This trial -- involving participants who had diabetes-related kidney disease -- is the second clinical study of senolytics to be published by Mayo, but is the first trial to show that senolytic drugs, discovered by Mayo researchers, can remove senescent cells from humans as they did in numerous studies in animals.
Senescent cells are malfunctioning cells that accumulate with aging and in organs affected by chronic diseases. Senescent cells can remain in the body and contribute to multiple diseases as well as features of aging, ranging from heart disease to frailty, dementias, osteoporosis, diabetes, and kidney, liver, and lung diseases.
Cells - Mammals - Response - Injury - Mutations
"Senescent cells can develop in all mammals in response to disease, injury, or cancerous mutations. Senolytic drugs do not interfere with generation of senescent cells, which could lead to cancer. However, once formed, senescent cells can contribute to developing cancers, multiple other diseases, and consequences of aging," says James Kirkland, M.D., Ph.D., senior author and head of the Robert and Arlene Kogod Center on Aging.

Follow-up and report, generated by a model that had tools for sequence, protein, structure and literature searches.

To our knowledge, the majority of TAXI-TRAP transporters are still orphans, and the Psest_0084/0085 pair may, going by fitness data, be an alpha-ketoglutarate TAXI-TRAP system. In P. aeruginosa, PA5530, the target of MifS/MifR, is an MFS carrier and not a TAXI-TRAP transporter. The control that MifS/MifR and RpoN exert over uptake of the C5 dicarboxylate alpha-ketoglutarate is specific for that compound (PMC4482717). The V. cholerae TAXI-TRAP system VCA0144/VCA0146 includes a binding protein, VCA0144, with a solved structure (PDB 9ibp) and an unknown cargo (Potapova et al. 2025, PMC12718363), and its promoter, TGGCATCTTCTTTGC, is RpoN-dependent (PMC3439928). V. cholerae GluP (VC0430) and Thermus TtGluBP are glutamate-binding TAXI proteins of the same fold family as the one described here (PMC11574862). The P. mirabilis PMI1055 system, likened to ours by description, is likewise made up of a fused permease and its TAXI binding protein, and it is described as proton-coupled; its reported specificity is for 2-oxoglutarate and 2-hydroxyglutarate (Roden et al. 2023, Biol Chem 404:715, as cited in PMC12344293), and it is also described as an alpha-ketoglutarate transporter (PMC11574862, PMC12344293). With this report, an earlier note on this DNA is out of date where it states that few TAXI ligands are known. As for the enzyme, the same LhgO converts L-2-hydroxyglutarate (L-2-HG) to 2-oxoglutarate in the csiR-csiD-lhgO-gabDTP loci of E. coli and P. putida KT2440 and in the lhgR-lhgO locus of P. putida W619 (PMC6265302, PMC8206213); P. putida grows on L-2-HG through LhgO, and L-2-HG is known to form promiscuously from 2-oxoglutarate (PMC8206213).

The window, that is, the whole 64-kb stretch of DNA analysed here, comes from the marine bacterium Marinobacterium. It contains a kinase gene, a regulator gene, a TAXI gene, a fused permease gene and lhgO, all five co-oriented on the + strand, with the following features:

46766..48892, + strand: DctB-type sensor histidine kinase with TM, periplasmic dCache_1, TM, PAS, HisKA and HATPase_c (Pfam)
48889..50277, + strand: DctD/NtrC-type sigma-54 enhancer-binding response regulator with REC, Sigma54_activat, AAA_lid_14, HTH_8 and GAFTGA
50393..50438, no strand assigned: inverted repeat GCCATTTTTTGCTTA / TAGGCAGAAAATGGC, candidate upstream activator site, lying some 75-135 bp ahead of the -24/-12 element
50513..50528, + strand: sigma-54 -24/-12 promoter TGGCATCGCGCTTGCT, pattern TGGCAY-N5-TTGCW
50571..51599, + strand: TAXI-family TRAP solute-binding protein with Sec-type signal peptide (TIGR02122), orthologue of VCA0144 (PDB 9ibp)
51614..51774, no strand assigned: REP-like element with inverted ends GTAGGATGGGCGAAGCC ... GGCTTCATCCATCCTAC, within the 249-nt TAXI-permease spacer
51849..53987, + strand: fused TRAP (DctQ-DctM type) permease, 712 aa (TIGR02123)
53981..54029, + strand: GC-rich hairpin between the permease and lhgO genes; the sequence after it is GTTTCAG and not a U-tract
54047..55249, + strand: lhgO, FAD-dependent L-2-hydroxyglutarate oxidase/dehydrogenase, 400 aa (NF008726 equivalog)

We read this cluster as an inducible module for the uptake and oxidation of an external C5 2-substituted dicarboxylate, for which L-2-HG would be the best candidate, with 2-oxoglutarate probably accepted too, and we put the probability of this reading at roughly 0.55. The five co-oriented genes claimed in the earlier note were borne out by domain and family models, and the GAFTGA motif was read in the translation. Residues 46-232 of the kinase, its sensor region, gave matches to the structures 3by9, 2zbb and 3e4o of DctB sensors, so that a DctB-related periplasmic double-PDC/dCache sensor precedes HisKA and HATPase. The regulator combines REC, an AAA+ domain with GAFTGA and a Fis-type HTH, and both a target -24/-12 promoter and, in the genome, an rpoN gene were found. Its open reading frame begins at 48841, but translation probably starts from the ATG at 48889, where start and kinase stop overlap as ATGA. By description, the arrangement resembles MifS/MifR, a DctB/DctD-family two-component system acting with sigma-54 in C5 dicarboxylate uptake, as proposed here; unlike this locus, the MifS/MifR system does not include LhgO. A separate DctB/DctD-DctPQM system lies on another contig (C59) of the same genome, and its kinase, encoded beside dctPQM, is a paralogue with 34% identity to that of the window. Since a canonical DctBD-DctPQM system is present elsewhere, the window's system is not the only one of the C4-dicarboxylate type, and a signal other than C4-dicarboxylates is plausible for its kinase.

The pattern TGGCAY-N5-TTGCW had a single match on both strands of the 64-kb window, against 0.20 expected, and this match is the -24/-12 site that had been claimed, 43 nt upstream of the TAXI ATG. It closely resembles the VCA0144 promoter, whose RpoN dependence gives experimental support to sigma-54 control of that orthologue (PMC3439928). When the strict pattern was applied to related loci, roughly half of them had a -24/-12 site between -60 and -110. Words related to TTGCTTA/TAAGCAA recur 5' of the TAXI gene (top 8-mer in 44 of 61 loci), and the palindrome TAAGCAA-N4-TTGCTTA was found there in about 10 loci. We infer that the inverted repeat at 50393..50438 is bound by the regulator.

"By targeting senescent cells with senolytics in mice, we can delay, prevent, or treat multiple diseases and increase health and independence during remaining years of life," says Dr. Kirkland. "As we increase our understanding of...
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